Thursday, 3 February 2011

Book Review: Byzantium, by John Julius Norwich

This is a review of all three volumes (The Early Centuries, The Apogee, The Decline and Fall) of John Julius Norwich’s history of Byzantium. Some spoilers are unavoidable, but I’ve tried to review the books without giving away more than is necessary. As a result it’s slightly more concise than comprehensive.

Byzantium, also known as Constantinople, was an old Greek city that was adopted by the Roman Emperor Constantine the Great as the capital of the Eastern Empire. No especial knowledge of Roman or Greek history is necessary to enjoy Norwich’s work, which is replete with handy footnotes and details of concepts that need a bit of explanation (the unexpected and bizarre Byzantine love of religious quibbling being a prime example).

The history spans over a thousand years, more than 80 emperors and numerous dynasties. As with Rome, there is staggering variation between the emperors, with some fantastically intelligent and heroic, some tyrannical psychopaths or feeble weaklings and most somewhere in between.

It was impossible for me not to feel drawn emotionally into the fate of Byzantium. The book, although intelligently written, is not a slog and can be read quickly. Norwich superbly portrays the triumphs and catastrophes that the city and its people are subjected to over the centuries.

An unexpected pleasure was to read of the powers that fell and grew up around the Eastern Empire, such as the Bulgars and the Serbs. Venice and Genoa, the rival seafaring powers that feature prominently in the final book, are even better examples of this.

Despite its importance and longevity, Byzantium is not nearly as well known as Rome. Reading about the city, a strange mixture of East and West, Greek and Latin, was fascinating and surprising. For example, the emperor’s wife actually had real power, and the emperor himself was considered the Equal of the Apostles.

I think there’s an abbreviated, single volume version of the trilogy available. My firm advice would be to avoid it and instead buy the three volumes. The history is fascinating, the writing excellent and the tragedy captivating. Almost the only flaw with the history is that it has to end and it would be a grave mistake to miss out by purchasing a shorter single volume.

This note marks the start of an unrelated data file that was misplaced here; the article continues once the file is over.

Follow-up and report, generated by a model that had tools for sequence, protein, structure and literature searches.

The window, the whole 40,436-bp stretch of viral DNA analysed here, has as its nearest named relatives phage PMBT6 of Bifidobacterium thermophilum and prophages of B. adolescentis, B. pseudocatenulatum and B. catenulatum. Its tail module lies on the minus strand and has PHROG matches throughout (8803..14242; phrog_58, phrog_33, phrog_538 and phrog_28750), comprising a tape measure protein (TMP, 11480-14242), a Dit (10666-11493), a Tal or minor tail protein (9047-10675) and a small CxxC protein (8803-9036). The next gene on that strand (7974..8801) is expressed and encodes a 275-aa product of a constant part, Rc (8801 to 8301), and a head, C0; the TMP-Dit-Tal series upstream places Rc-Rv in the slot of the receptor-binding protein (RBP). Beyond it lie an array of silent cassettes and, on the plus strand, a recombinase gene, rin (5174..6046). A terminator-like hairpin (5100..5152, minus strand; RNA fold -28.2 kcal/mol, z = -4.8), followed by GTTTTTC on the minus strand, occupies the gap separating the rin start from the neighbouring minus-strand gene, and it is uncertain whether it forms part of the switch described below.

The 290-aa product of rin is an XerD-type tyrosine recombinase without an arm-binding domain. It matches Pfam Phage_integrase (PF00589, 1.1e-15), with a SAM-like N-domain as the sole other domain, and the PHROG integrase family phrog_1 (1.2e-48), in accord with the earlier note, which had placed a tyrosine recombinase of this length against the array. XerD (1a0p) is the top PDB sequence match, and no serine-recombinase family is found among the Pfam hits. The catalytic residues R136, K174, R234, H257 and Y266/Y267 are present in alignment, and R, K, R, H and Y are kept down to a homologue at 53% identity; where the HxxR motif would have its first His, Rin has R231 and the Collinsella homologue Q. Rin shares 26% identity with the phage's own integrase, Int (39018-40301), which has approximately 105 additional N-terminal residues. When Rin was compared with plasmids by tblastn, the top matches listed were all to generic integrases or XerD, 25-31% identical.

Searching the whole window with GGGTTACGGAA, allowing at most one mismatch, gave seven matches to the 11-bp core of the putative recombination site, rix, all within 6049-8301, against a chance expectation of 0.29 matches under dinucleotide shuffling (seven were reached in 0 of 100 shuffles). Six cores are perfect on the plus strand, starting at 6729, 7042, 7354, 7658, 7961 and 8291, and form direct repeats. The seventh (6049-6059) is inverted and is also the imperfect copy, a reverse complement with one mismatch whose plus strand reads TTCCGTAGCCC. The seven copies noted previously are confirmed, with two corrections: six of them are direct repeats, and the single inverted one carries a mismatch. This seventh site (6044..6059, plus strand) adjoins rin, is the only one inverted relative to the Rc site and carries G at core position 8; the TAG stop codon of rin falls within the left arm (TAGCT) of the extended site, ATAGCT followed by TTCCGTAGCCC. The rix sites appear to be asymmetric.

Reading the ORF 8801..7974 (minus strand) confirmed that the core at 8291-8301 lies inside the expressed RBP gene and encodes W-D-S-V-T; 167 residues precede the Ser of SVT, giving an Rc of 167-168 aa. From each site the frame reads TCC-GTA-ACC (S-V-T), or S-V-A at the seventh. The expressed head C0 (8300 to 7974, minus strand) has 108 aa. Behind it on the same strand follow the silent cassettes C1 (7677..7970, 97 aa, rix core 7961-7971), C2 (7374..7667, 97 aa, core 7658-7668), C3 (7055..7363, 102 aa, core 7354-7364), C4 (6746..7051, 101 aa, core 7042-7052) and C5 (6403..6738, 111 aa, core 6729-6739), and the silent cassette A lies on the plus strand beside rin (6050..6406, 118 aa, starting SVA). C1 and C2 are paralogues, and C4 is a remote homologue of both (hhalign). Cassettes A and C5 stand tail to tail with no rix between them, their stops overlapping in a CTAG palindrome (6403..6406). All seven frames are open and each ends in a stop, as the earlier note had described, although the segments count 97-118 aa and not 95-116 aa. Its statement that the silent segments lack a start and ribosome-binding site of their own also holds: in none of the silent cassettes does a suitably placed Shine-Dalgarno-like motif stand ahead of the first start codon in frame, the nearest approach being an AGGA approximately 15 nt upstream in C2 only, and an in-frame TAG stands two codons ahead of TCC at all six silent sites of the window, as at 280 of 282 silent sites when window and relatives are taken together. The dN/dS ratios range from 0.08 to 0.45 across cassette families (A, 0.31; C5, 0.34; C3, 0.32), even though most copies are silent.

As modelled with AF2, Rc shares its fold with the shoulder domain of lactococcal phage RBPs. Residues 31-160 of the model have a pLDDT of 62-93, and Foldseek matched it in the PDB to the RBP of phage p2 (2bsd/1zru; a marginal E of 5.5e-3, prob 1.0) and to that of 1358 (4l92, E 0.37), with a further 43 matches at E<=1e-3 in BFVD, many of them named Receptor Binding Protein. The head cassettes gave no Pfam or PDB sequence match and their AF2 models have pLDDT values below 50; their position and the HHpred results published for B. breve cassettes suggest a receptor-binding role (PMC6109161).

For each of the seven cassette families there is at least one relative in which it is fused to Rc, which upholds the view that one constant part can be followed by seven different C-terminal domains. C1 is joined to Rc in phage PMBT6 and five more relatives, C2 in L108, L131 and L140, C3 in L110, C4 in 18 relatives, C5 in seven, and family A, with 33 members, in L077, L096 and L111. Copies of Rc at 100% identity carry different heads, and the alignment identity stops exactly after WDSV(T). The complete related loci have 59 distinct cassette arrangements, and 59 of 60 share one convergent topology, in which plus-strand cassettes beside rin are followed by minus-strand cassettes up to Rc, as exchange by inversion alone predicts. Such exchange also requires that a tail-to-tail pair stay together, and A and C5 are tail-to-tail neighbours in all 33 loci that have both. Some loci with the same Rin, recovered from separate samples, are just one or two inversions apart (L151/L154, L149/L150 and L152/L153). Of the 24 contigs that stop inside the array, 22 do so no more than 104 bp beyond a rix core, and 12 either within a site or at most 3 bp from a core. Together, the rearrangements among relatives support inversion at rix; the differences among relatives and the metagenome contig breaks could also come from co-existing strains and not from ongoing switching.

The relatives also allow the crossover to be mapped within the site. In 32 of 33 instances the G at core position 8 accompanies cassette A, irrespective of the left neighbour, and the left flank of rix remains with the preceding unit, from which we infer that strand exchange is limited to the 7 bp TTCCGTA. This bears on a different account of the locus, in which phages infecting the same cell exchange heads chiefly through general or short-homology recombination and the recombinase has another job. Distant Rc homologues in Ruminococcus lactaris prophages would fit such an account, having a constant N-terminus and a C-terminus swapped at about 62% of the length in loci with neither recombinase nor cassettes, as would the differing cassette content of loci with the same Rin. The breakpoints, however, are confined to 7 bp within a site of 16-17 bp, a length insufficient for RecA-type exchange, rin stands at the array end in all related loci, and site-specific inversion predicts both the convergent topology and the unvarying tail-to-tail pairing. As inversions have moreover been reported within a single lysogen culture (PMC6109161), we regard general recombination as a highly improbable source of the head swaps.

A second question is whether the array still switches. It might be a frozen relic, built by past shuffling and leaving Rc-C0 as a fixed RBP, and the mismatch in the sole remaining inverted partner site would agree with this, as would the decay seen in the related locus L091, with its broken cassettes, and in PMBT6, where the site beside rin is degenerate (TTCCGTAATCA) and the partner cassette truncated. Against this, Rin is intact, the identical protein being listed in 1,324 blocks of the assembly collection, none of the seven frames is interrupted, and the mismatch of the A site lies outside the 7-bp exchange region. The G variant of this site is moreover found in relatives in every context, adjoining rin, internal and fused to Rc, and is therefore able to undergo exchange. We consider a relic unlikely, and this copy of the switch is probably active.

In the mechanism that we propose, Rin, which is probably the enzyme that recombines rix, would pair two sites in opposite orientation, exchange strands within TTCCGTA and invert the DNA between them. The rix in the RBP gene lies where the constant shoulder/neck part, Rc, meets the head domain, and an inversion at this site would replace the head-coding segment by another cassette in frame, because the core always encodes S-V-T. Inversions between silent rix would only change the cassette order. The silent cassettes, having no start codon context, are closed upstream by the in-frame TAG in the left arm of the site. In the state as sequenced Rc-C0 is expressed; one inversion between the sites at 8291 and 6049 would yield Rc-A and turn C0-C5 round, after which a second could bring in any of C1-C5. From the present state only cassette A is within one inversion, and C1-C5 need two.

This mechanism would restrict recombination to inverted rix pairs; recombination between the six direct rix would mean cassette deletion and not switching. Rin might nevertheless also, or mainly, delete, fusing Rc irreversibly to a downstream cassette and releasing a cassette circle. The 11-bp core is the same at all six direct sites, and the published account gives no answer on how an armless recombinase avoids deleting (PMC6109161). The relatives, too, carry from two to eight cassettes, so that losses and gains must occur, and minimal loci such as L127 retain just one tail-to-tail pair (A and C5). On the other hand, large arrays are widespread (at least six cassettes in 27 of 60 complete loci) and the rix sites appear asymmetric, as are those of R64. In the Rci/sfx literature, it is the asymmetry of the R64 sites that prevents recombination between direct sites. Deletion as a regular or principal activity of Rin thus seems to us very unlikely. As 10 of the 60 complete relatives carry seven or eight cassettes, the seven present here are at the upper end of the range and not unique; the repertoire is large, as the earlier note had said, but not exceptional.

1. This series gets rave reviews on Amazon too. All three volumes are available in paperback for £26.45. My interest sparked I have ordered my copy.

  2. I hope you like them as much as I did.

    Only problem now is that I'm at a bit of a loose end on the reading front, and have almost no space at all left for new books.

  3. "... The history of the empire is a monotonous story of the intrigues of priests, eunuchs and women, of poisonings, of conspiracies, of uniform ingratitude, of perpetual fratricides"
    (History of European Morals, Lecky, 1869)

    As Norwich says Byzantine history is not so much monotonous as entertaining. I am chomping my way through the trilogy and loving every minute of it. His style is light and entertaining but packed full of the history in an generally easily absorbable manner.

    My only criticism is that there is not enough detail and keeping track of all the characters and their relationships is sometimes hard work (I have started to draw my own family trees). However, given the epic sweep of history he covers, volume 1 alone explains 500 years worth, such complaint is somewhat unfair.

    The trilogy is a great read, and an excellent primer of the history of Byzantium.

    Thanks, Thaddeus, for putting me on to this.

    P.S. No space left for new books? I know how you feel. About 18 months ago my wife put her foot down and insisted I got rid of some of my collection. We have book shelves in every room apart from the family bathroom (because of the steam); all were full. In fact we had books on top of books. So with considerable pain and anguish I had a clear out.

    I was ruthless. Books, mainly fiction titles, some of them old friends I had had since I was a teenager, went to the charity shop. It hurt.

    Eighteen months later I am back where I started. All the shelves are full and I have books lying sideways on top and, in my study, on top again and a couple of loose piles.

    I don't know what the answer is. I can't buy a bigger house just to provide space for my books, can I?

  4. Yes, that can be an issue. One of the most difficult bits is when the rather unoriginal Constantine dies and leaves the empire to his sons: Constans, Constantine and Constantius.

    I've already gotten rid of quite a few books, including probably 50 or so sci-fi titles (all my Dr Who books and almost all the Star Wars/Trek ones as well). I do have a box with some books that need to be inspected and possibly chucked.

    At some point I will get a Kindle, which will help in some regards. I won't go without real books entirely, however.

    On Byzantium: no problem, I hope She Who Must Be Obeyed has ceased beating you for your silent reading of the aforementioned history.